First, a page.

Possibly the biggest change in the Block 60 from earlier F-16s is in the core avionics and flight controls, in which the unique military processors are replaced with commercial PowerPCs. There are 1.3 million lines of new software. Existing F-16 mission computer and flight control software has been rewitten from Ada and Jovial into the C++ commercial high-order language, then built on to provide the additional capabilities of the Block 60.


A fibre-optic high-speed data network using commercial Fibre Channel technology ties the new avionics together. "Fibre Channel is the biggest breakthrough on the aircraft," says Bean. "It allows federated boxes to communicate and provide the same benefit as the F/A-22's integrated avionics. The same technology is used in the Joint Strike Fighter."

Dual Fibre Channel networks, each with 1,000 times the bandwidth of the 1553B databus, link sensors, mission computers and displays.

The new digital flight-control system uses the same F-16 control laws, rewitten from Jovial into C++ and rehosted on to commercial processors. The basic structure of the software has been changed to add the advanced autopilot and enhanced safety modes. The new flight-control system has been qualified in high-fidelity ground simulations, and will fly for the first time in the Block 60.

Avionics have been undergoing testing for several months in the system integration laboratory at Fort Worth, and Lockheed Martin has completed a full-up ground test of the Standard 0 configuration. "It passed all the tests," says Franks. "The software is not as stable as we would like, but it is stable enough to begin flight tests and there will be some improvement before production release."

Final assembly

While the first Block 60 is being prepared for flight, the second is in final assembly at Fort Worth alongside Block 50/52 Plus F-16C/Ds for Greece and Israel. Despite the number of changes, the first two aircraft have come together well, says Nathan West, Block 60 air vehicle team director. Largely this is because Lockheed Martin was able to evolve the airframe incrementally, changing 35% of the structure going from the USAF Block 50 to the Greek Block 50 Plus, and another 30% going to the Israeli F-16I.

Half of the structural changes in the Block 60 are for increased strength, and half are for systems installation and routing, says West. Changes include thicker bulkheads, stronger aluminium-lithium skins and unitised structures.

Space is at a premium in the F-16, and the dorsal spine developed for the two-seater is fully used in the UAE's F-16F, housing the secondary environmental-control system (ECS) that provides liquid cooling to the active-array radar, as well as the engine start controller, datalink radio, crash data recorder, and EW receiver, aft transmitter and chaff/flare dispensers.

In the single-seater, the secondary ECS is mounted in an enlarged fin fairing.


Notable differences between the Block 60 and Block 50/52s also in final assembly include the liquid cooling lines running to the radar in the nose, which pulls forward to disconnect the lines before swinging out for access. The fibre-optic bundles of the Fibre Channel network, inside loose protective sleeves, are also new. So is the orange wiring of the flight test instrumentation. "We are going into flight test with a production aircraft," says West. "We have to embed instrumentation on the factory floor, which means making the instrumentation guys work alongside the production guys."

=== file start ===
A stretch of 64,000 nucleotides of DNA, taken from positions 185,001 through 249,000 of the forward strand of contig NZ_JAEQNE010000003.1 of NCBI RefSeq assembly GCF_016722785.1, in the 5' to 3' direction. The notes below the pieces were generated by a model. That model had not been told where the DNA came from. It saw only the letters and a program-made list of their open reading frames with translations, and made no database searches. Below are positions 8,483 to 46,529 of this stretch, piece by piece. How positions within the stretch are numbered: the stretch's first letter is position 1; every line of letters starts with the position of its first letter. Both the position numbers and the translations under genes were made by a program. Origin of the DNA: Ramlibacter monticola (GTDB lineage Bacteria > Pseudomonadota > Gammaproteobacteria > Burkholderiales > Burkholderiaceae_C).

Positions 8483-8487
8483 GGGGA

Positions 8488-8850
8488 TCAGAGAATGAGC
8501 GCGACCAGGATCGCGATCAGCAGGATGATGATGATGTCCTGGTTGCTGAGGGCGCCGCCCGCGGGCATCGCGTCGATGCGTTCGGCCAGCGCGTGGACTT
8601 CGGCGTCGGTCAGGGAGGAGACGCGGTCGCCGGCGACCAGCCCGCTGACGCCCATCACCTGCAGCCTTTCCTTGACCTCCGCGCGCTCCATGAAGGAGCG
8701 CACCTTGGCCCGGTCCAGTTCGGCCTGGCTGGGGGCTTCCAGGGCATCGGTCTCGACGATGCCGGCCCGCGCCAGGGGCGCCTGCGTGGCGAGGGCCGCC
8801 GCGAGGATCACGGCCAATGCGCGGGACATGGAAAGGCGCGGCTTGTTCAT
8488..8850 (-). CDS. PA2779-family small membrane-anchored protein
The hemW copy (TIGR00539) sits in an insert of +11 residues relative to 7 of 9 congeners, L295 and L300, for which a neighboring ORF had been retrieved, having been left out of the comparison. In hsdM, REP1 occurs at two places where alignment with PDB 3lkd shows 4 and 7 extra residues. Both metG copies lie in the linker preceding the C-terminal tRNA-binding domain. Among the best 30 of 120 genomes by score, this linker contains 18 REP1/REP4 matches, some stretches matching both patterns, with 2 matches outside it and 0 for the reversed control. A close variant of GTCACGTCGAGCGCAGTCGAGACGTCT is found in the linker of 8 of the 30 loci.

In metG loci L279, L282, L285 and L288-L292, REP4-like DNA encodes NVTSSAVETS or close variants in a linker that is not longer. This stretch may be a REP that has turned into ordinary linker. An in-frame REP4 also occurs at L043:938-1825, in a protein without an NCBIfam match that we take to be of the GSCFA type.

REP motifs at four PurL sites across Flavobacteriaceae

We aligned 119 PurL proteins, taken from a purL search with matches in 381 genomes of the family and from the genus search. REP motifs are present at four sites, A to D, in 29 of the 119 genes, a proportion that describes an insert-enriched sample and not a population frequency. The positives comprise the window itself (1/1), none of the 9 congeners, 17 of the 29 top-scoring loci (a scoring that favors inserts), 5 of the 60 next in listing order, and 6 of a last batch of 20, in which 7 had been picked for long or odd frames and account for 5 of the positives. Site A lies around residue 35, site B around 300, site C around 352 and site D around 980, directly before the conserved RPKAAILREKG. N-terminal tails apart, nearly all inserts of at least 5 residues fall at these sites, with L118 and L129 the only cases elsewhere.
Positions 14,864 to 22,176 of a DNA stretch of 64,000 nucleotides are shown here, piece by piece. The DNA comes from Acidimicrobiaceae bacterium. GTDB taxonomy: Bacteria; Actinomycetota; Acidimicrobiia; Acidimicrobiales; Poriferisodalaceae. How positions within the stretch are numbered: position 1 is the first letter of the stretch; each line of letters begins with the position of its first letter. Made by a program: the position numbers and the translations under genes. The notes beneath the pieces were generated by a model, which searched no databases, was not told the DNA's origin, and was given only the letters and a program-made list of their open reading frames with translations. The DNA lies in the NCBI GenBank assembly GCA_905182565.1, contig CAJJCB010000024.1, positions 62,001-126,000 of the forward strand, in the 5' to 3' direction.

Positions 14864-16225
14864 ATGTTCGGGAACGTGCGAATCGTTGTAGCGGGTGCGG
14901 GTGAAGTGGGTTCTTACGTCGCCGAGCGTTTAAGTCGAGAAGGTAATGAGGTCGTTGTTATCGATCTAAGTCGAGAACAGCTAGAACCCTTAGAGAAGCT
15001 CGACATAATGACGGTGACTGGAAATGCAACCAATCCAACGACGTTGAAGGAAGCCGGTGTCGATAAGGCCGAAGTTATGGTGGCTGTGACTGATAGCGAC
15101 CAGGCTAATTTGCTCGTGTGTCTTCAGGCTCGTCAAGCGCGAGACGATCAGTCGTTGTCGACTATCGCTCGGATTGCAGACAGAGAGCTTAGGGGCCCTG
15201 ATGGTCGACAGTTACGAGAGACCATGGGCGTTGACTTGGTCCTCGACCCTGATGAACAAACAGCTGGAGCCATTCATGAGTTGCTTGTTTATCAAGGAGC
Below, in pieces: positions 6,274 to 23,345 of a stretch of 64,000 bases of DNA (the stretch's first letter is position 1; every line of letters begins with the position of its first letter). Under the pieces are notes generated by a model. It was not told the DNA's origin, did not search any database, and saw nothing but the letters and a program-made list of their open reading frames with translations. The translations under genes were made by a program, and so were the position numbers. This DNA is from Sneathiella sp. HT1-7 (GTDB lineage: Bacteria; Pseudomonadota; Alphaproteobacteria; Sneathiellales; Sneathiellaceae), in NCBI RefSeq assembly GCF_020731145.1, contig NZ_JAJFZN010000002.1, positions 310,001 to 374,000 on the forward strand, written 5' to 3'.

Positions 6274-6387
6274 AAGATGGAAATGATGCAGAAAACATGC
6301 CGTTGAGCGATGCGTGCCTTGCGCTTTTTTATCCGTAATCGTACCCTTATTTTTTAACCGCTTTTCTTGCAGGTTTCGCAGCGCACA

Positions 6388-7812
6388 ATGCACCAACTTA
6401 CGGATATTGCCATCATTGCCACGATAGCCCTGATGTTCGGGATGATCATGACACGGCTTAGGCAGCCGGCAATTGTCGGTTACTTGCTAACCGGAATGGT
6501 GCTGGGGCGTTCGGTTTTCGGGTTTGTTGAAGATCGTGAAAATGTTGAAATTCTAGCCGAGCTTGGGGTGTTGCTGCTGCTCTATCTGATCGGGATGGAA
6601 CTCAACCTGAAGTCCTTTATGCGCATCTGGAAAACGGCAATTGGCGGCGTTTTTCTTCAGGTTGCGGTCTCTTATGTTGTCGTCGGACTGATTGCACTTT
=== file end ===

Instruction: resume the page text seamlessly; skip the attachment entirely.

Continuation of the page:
As the Block 60 is prepared for its maiden flight, the UAE Air Force is preparing to take delivery of its first aircraft. A 25-man team of engineers and pilots at Fort Worth is a full-time, integrated part of the programme, to ensure the UAE has insight into every aspect. They will go on to stand up the Block 60 force in the UAE, where work has begun on preparing the main operating base.

Training is already under way at a location in the USA, where UAE pilots will initially qualify on the Block 50 F-16 before beginning Block 60 conversion training.

An initial cadre of instructor pilots is being trained, using the training system under development by Lockheed Martin for delivery to the UAE as well as the engineering simulators at Fort Worth. The UAE is expected to train in the USA for a period, sending over both moderate-time Mirage pilots and new pilots trained on the Pilatus PC-9 and BAE Systems Hawk. Maintenance training is also under way in the USA.

Complex contract

Under the commercial contract, Lockheed Martin is responsible for validating that the Block 60 meets the specification agreed with the UAE. "It is a very detailed and complex contract, with very high levels of definition of the capability contractually required," says deputy programme manager Del Spann. "How we will validate the requirement is in the contract."

Spann says the working relationship with the UAE since programme go-ahead in June 2000 has been good, and is based on transparency. "They were a very intense customer during negotiations. They knew exactly what they wanted in terms of missions, capability and technology. Now they are an extremely good customer to work with, and they have worked with us to resolve issues." The UAE team involved in defining the contract is still in place. "The UAE has kept consistency in its team, and Lockheed Martin is trying to do the same," he says.

With flight testing about to begin, Lockheed Martin is stepping up efforts to find additional customers for the F-16E/F Block 60, although the aircraft did not make the shortlist in Singapore. "The customer wants to fly before they buy," says Franks. "And with the aircraft about to enter flight test it will become more attractive." Several customers are showing interest, he says. At $50-55 million, the Block 60 costs $10-15 million more than the Block 50 Plus.

Prospects for the F-16E/F are tied to availability of the international variant of the F-35 Joint Strike Fighter, with the Block 60 being promoted as an interim aircraft for existing F-16 operators who may have to wait until 2015-20 for the JSF. "It offers pilot commonality, engine commonality, and the same maintenance concept, but with new-technology, more-reliable support equipment and as much capability as a customer is likely to need," says Franks.

US interest

The exception could be the US Air Force, which could require even more capability in an interim fighter if the Joint Strike Fighter is delayed. Lockheed Martin, meanwhile, has begun looking at ways to retrofit key Block 60 systems - including the active-array radar - into earlier blocks of F-16s. The Block 60 development programme has also provided a number of solutions for obsolescence issues with the more than 4,000 F-16s already in service worldwide.

Source: Flight International